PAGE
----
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"The average reading level of American parents of young children is 7th or 8th grade, but 80% of pediatric materials f... More
Summary: The cutest bomb ever follows a young boy home from school. Right past the Greenspan's house to his door! When he asks his parents if he can keep it, Mom worries that someone might be missing it. Dad says "No." After unsuccessfully trying traditional ways to find the bomb the right home, the family settles on a different plan. This is a picture book for older readers who understand satire. [Think middle grade and up.]
Type of Reading: family reading, independent reading, read aloud book.
Recommended Age: read together: 10 to 13; read yourself: 10 and Up
Interest Level: 12 and Up
Young Reader Reaction: Review pending.
Adult Reader Reaction: This is a picture book with an easy reading level, BUT it is for mature audiences. Although it describes itself as a fractured fairy tale, it is pure satire. Bitingly funny, with an implied but violent ending. More than half the book is spent describing the narrator's assumptions about the Greenspans, as well as his family's feelings toward them. Didn't like the assumptive part. Also didn't like that the neighbors had names but the main characters did not. Overall, it is a decent satire that could be used to illustrate the genre in high school or college.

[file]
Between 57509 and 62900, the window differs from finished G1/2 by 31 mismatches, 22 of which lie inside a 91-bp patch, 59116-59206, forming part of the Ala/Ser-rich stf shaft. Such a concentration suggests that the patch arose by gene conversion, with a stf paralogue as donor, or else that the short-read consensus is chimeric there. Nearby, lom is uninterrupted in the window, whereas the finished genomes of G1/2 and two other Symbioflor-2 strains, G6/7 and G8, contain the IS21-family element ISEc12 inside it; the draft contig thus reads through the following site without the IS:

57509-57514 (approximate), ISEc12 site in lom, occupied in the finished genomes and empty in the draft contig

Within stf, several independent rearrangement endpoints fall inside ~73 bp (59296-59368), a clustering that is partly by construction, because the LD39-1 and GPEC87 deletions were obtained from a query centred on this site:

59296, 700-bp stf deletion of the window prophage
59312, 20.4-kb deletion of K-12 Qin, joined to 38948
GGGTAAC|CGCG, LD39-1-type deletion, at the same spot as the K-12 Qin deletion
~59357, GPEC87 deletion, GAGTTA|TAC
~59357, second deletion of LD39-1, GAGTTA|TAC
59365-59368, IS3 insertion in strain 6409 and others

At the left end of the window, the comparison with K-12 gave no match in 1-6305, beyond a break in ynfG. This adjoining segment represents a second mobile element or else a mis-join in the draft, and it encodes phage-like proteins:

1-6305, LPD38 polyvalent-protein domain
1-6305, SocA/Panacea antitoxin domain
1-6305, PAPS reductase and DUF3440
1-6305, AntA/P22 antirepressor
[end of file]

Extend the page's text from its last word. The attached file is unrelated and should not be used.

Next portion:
Pros: Substituting a bomb for a lost dog, this over-the-top story will give teens (especially boys) a laugh or two.
Cons: The concept is original, but the ending will not appeal to everyone.
Borrow or Buy: Borrow. This isn't a book for every taste. Some will find it funny; others not at all.
Educational Themes: This is a picture book that can be used to introduce satire as a genre. There are enough familiar elements from other stories that readers could comb through the book to find comparisons with stories they know.
Notes: The author donated a copy of this book knowing that we would consider it for review and provide an independent, unbiased profile. This book will be given to a nonprofit to help readers in need.
Literary Categories: Fiction - Humor, satire,
Date(s) Reviewed: December 2015
Other Reviews: No Critics Reviews found at the time of this review. See reader feedback at barnesandnoble.com and amazon.com.